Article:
Heather M. Brooks
“I always end with an application—what am I going to do with this? What is this challenging me to do?” says Dr. Gary Chapman. While Bible study methods vary, studying Scripture should always end the same way—with a response. “I try to make the application as specific as possible, not an informational application but an action application.”
Chapman is a senior associate pastor at Calvary Baptist Church in Winston-Salem, North Carolina. He speaks in the US and internationally on marriage, family and relationships. “A Love Language Minute,” Chapman’s radio program, airs on more than 100 stations nationwide. He has written more than 20 books, including The Five Love Languages and Love is a Verb.
Chapman holds an MA in anthropology from Wake Forest University, and both an MRE (Education Administration) and PhD (Adult Education) from Southwestern Baptist Theological Seminary.
Bible Study Magazine spoke with Chapman about applying the Bible to all areas of life.
Start with prayer, end with application
Chapman uses biblical reference books that allow him to explore the meanings and linguistic origins of biblical terms. He realizes, though, that not everyone shares his interests: “It’s okay to be who you are” when studying the Bible.
He keeps this in mind when preparing sermons and Bible studies—“The congregation can get lost in the process. I have to realize [that] not everybody’s like me, and if I’m going to communicate to people who are not like me, then I’m going to have to lose some of the details, and get into more of the things that relate to people.”
“First, I pray and ask God to speak to me. I say, ‘I’ll listen to you, and I’m asking for your guidance.’ Then I read the text. I underline points that jump out at me. I’m looking for the message, the main point and any sub-points. I’m not coming with a preconceived idea, but I’m looking for what the text says.… Then I’m asking myself, ‘How does this relate to other passages that I’ve read on a similar topic?’ ”
“The last thing I do is look for illustrations on this point in Scripture,” says Chapman. “If I’m preaching then I always end with an application—what am I going to do with this? What is this challenging me to do? And I try to make the application as specific as possible, not an informational application but an action application. What might I do, or what might we do, in response to this passage?… I try to give people a challenge of at least one thing that they can do in response.”
Exposing ourselves to the life of Christ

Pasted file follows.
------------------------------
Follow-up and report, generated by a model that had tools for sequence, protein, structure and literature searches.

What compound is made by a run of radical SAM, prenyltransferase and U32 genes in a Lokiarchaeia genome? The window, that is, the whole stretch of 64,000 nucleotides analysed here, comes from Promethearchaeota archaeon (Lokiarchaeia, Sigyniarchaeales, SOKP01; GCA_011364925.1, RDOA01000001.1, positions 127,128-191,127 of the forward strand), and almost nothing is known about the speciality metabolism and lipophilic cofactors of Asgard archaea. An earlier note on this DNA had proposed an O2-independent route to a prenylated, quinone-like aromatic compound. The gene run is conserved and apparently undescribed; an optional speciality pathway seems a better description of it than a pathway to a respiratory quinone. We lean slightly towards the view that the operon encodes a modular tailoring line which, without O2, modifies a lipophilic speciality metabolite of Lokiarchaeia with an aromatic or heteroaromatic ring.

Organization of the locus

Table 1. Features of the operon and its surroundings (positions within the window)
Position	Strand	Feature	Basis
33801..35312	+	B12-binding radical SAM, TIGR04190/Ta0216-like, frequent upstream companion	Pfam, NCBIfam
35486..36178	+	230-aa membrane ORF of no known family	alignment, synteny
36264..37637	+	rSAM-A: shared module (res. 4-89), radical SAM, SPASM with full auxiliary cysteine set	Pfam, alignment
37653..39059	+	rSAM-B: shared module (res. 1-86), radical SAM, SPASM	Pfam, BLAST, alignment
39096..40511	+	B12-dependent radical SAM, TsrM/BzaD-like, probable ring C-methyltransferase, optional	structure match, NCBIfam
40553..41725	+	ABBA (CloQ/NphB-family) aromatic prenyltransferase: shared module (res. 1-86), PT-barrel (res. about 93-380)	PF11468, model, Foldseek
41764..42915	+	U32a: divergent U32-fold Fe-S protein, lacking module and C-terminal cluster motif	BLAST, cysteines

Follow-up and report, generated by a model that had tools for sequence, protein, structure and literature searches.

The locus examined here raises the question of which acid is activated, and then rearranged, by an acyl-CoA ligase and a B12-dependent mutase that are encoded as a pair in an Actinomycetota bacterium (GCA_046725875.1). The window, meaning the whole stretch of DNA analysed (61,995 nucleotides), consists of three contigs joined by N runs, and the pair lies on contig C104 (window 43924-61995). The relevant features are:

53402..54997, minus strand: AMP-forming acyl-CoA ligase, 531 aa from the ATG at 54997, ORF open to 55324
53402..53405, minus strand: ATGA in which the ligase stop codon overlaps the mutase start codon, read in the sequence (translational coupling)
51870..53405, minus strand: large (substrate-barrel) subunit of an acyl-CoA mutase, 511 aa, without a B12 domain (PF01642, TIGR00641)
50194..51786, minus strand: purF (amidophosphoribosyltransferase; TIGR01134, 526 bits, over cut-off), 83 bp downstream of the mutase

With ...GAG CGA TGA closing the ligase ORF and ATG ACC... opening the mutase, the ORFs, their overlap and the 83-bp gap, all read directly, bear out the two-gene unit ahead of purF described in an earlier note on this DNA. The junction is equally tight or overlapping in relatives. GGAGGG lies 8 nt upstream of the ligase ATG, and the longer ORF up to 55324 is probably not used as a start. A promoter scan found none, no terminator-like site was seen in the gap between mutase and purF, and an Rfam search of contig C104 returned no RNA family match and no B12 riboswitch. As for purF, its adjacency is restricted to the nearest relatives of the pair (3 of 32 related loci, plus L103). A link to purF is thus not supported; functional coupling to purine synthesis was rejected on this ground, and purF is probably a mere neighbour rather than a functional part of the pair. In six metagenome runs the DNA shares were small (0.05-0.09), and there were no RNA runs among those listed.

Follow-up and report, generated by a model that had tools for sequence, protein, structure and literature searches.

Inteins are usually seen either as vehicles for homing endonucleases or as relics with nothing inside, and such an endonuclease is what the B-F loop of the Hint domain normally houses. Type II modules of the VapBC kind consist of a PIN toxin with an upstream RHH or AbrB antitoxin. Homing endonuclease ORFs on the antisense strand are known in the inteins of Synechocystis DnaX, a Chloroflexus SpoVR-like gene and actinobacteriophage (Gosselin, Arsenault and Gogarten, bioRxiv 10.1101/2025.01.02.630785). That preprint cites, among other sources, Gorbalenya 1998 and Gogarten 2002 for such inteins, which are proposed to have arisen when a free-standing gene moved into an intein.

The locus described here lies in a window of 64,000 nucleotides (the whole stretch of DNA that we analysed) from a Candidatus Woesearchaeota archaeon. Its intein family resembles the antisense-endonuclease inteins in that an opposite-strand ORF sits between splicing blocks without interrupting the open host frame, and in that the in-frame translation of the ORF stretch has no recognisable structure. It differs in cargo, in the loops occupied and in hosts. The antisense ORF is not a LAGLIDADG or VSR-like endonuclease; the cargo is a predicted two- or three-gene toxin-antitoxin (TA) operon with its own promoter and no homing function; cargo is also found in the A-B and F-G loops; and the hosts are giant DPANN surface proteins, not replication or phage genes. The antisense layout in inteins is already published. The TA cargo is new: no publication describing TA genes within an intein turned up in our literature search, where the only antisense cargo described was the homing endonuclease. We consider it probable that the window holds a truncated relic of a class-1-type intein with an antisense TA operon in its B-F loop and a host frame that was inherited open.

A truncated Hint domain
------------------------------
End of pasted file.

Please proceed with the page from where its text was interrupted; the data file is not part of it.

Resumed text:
Chapman says that life application is also important in individual Bible study. “We should ask ourselves, ‘What is my purpose in reading this passage? How do I apply it in my life, and then help other people discover this?’ ” He adds that individual Bible study also has its limits. The explanations of Bible scholars help prevent any misreading of the text.
“Studying requires more reflection. It involves asking more questions, and perhaps taking notes,” says Chapman. One possible note-taking method involves outlining or summarizing a chapter. For new believers, he suggests starting with the gospels and “record[ing] statements Jesus made about His death, His resurrection, and how to live our lives.” Chapman says we should always “expose ourselves to the life of Christ.”
He says, she says
Respect is essential when studying with a spouse. Chapman says that it is vital for couples to “respect each other’s … orientation,” especially when one partner is of an analytical bent, and the other places more emphasis on application. “Recognize that both points of view are valid and useful.… Learn from each other.”
To make these study times effective and harmonious, Chapman recommends beginning with “a common denominator.” Couples should choose a devotional that reflects on Scripture while asking themselves: “What can we learn together?” They should concentrate on “looking at Scripture passages, reading them, answering questions about them, and then making an application to marriage.”
These sessions should not become times of theological argument. “The important thing is, ‘How can we encourage each other and help each other with what we’re learning in the Scriptures.’ ”
The responsibilities of leadership
Group Bible studies present special challenges. One of the tasks of a leader is to ensure that respect is maintained. “It’s important that the leader recognize that when you pull any number of couples together, you’re going to have people of all different levels. You’re going to have some that are already good Bible students, and you’re going to have some that hardly know where the book of Genesis is.”
Respect like this assumes special significance in a couples Bible study, especially if one partner is unenthusiastic about participating. That can change, if the circumstances are right. Chapman uses the example of a man attending a couples Bible study for the first time. “If we treat him with respect when he … asks a question, he gets comfortable being there—then it can become a learning experience. By the time it’s over, he may say, ‘I’m glad we did this.’ Atmosphere is the big issue in group Bible study.”
When couples clash in a Bible study, Chapman says leaders should set a tone of acceptance. “It’s easy to be critical, and to perceive different levels of biblical understanding from our own as ‘shallow.’ Think [about] where other people are [in their spiritual journeys]. We need to know where they are if we want to have any kind of ministry at all. We’re not there to ostracize.… And as we move along hopefully we can help them move along and we can all grow together in this process.” Chapman says that leaders can also learn something along the way. “You’re there for a purpose. You’re there to minister to other people and, perhaps, be ministered to yourself.”